After her great success in 2011, Isabel Karajan will be back at the Salzburg Easter Festival in 2015, this time with two projects: in the Concert for Salzburg she will be the narrator in Sergei Prokofievs Peter and the Wolf, and she will also present a chamber music project - a Scenic collage about fear - entitled Miss Death meets Mr Shostakovich. She explains in an interview, why death is a woman, and why the topic of fear is at the heart of the project.
For the first time shown at the Salzburg Easter Festival this year - and at any festival in Salzburg: Two famous verismo operas Cavalleria rusticana by Pietro Mascagni and Pagliacci by Ruggero Leoncavallo. Philipp Stölzl directs and design the sets, one of the most sought-after movie and opera directors of his generation. In an interview, he describes how he wants to tell the stories of the two operas as if in a film.
(This interview was held in February 2015.)
For the first time ever on stage, you'll be singing the roles of Turiddu and Canio, the main figures in Cavalleria rusticana and Pagliacci. You recorded their famous arias on CD several years ago and said at the time that you were delighted, because you had fulfilled your 'heart's desire'. Now that you're going to give your double stage debut in these roles, will this be the fulfilment of yet another 'heart's desire'?
Jonas Kaufmann: But of course! Both works are synonymous with 'Italian opera' and what tenor wouldn't dream of singing them at some point? I remember when I was a student and I thought, 'hey, it must be great to sing that!' And that's just how it was when I recorded 'Ridi Pagliaccio!' and 'Mamma, quel vino' for my verismo album. To be swept along by this music, giving everything you've got, body and soul, it was simply wonderful. Tony Pappano and I were so happy, we were like little children. And even the orchestral musicians, who are normally not so quick to enthuse, were whooping and cheering.
At the press conference, when the programme for the 2015 Salzburg Easter Festival was announced, Christian Thielemann said it had been your desire to sing both roles on stage.
Kaufmann: It wasn't completely like that. The original plan was to engage two tenors, one for each opera, and I'd been asked to sing Canio in Pagliacci. I then asked if I could also take on the Prologue. But after the hunt for someone to sing Turiddu in Cavalleria rusticana proved unexpectedly difficult, I was asked if I could sing both roles. Because I love a challenge, I said, 'OK, but then naturally without the Pagliacci Prologue!'. That would really have been a bit too much on one evening.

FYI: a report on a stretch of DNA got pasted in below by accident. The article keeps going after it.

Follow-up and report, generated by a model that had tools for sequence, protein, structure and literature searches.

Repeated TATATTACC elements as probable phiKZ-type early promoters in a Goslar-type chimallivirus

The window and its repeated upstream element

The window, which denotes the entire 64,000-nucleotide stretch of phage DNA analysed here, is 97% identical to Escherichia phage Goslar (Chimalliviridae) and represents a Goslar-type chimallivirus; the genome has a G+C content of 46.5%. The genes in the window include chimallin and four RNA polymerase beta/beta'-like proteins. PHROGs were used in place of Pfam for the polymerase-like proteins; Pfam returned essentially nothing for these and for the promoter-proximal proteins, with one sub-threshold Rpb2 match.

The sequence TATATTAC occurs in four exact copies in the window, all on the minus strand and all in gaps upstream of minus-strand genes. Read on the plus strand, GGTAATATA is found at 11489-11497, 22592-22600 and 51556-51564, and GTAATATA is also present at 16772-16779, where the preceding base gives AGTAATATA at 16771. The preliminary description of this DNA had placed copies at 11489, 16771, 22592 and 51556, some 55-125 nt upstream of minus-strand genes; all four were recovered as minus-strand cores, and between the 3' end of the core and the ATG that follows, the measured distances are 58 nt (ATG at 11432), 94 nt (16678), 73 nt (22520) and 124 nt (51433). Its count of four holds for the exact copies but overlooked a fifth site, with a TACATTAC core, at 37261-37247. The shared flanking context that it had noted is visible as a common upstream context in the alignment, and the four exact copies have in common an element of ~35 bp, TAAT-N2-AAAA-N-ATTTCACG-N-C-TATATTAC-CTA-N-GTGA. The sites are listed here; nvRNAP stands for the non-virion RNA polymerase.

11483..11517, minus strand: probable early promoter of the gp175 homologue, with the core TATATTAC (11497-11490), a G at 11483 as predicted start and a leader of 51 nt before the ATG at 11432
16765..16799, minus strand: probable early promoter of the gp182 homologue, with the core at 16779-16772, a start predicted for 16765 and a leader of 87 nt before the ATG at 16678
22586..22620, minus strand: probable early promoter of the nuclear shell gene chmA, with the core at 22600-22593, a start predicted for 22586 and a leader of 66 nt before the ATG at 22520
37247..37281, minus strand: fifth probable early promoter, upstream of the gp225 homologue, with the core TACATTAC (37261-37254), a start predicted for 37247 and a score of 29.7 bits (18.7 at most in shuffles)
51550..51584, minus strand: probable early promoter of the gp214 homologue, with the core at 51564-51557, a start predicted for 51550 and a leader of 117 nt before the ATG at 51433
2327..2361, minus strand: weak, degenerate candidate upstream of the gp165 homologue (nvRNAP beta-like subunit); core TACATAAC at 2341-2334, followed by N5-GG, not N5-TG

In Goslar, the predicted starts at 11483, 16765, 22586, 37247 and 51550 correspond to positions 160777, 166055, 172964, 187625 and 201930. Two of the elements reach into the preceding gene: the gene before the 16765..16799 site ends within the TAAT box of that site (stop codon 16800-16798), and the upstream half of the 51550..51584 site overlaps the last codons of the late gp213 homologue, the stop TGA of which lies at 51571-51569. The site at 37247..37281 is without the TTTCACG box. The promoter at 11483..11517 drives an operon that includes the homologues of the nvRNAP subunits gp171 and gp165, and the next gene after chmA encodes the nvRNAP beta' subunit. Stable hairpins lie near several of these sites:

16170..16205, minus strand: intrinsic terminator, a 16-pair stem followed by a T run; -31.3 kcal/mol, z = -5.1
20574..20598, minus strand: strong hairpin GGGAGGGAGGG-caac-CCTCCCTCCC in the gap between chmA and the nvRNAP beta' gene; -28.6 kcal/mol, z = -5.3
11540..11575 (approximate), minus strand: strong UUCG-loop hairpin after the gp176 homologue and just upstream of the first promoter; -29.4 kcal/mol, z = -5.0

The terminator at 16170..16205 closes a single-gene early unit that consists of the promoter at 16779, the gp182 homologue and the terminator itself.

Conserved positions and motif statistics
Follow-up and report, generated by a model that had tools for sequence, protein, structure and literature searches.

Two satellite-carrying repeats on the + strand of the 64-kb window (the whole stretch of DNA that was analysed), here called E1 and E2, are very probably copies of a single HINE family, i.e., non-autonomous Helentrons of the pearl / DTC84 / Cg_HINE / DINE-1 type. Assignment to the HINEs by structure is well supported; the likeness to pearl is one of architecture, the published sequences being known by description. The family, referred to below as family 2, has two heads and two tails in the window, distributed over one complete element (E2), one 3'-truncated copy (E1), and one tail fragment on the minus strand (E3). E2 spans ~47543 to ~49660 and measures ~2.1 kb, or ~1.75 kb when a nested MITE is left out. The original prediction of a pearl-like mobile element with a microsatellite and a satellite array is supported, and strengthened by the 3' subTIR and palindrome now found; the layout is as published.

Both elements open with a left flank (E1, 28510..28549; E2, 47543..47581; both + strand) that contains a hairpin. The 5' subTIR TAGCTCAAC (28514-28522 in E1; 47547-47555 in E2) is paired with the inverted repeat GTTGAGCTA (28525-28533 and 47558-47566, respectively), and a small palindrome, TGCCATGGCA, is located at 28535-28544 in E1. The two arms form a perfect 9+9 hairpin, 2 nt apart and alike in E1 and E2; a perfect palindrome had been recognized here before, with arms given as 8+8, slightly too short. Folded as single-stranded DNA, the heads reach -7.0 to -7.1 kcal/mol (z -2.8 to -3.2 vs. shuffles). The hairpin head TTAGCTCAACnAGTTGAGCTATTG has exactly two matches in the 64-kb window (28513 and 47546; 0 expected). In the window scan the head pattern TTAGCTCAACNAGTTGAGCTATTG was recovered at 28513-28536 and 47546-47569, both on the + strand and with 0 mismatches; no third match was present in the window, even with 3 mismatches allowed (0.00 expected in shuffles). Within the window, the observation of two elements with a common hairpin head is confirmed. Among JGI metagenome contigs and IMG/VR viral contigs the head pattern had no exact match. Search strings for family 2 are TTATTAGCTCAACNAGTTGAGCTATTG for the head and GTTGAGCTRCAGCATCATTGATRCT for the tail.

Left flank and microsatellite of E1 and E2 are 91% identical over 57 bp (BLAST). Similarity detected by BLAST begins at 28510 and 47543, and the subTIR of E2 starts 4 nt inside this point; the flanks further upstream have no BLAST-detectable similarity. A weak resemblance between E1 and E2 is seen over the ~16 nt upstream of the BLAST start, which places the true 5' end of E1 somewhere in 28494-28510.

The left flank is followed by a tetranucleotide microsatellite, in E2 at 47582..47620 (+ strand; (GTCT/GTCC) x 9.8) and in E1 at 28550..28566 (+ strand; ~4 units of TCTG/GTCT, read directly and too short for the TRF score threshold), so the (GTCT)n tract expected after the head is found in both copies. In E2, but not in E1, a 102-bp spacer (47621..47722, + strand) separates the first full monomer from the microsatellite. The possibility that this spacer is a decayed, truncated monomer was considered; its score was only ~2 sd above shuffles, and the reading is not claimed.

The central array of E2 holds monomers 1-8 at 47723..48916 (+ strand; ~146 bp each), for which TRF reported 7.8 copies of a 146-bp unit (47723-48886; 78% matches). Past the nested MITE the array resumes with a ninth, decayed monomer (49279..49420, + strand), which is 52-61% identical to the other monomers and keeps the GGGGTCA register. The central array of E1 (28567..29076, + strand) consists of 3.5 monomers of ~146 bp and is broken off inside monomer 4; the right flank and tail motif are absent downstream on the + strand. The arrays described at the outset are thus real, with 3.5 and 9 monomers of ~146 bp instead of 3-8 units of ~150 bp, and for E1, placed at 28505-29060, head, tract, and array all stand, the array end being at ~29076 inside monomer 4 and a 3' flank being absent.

Does this repertoire particularly suit your voice?
Kaufmann: It suits both my voice and the stage animal within me. It's really great to sing two such different roles in one evening. Turiddu is the firebrand who has his whole future before him. He's a frivolous fellow who puts his life on the line for an affair with a married woman. In terms of age, Canio could be his father. He already has a significant part of his life behind him. He travels in a caravan through the land with his poor troupe of actors, he plays the clown for people and is intensely jealous of his much younger wife - and rightly so. These are two strong variations on the topic of 'deadly jealousy'.
Love, passion, jealousy, death and murder - this is reminiscent of what we see every evening on TV. What can the stories of Cavalleria rusticana and Pagliacci say to an opera audience today?
Kaufmann: Despite all 'progress' in the development of man - civilization, the Enlightenment, humanism - ultimately, what remains is what we politely call the 'archaic', the fact that we don't just function physically exactly as did our ancestors in the Stone Age, but also emotionally and mentally. People have only learnt to master their feelings better in the course of evolution and as civilization has developed. But in situations where there is serious conflict, most of us react just as our forefathers did thousands of years ago. In this sense, operas such as Pagliacci and Cavalleria cannot be different from the soap operas that we see on TV today - with the fundamental difference that these two operas have much better music!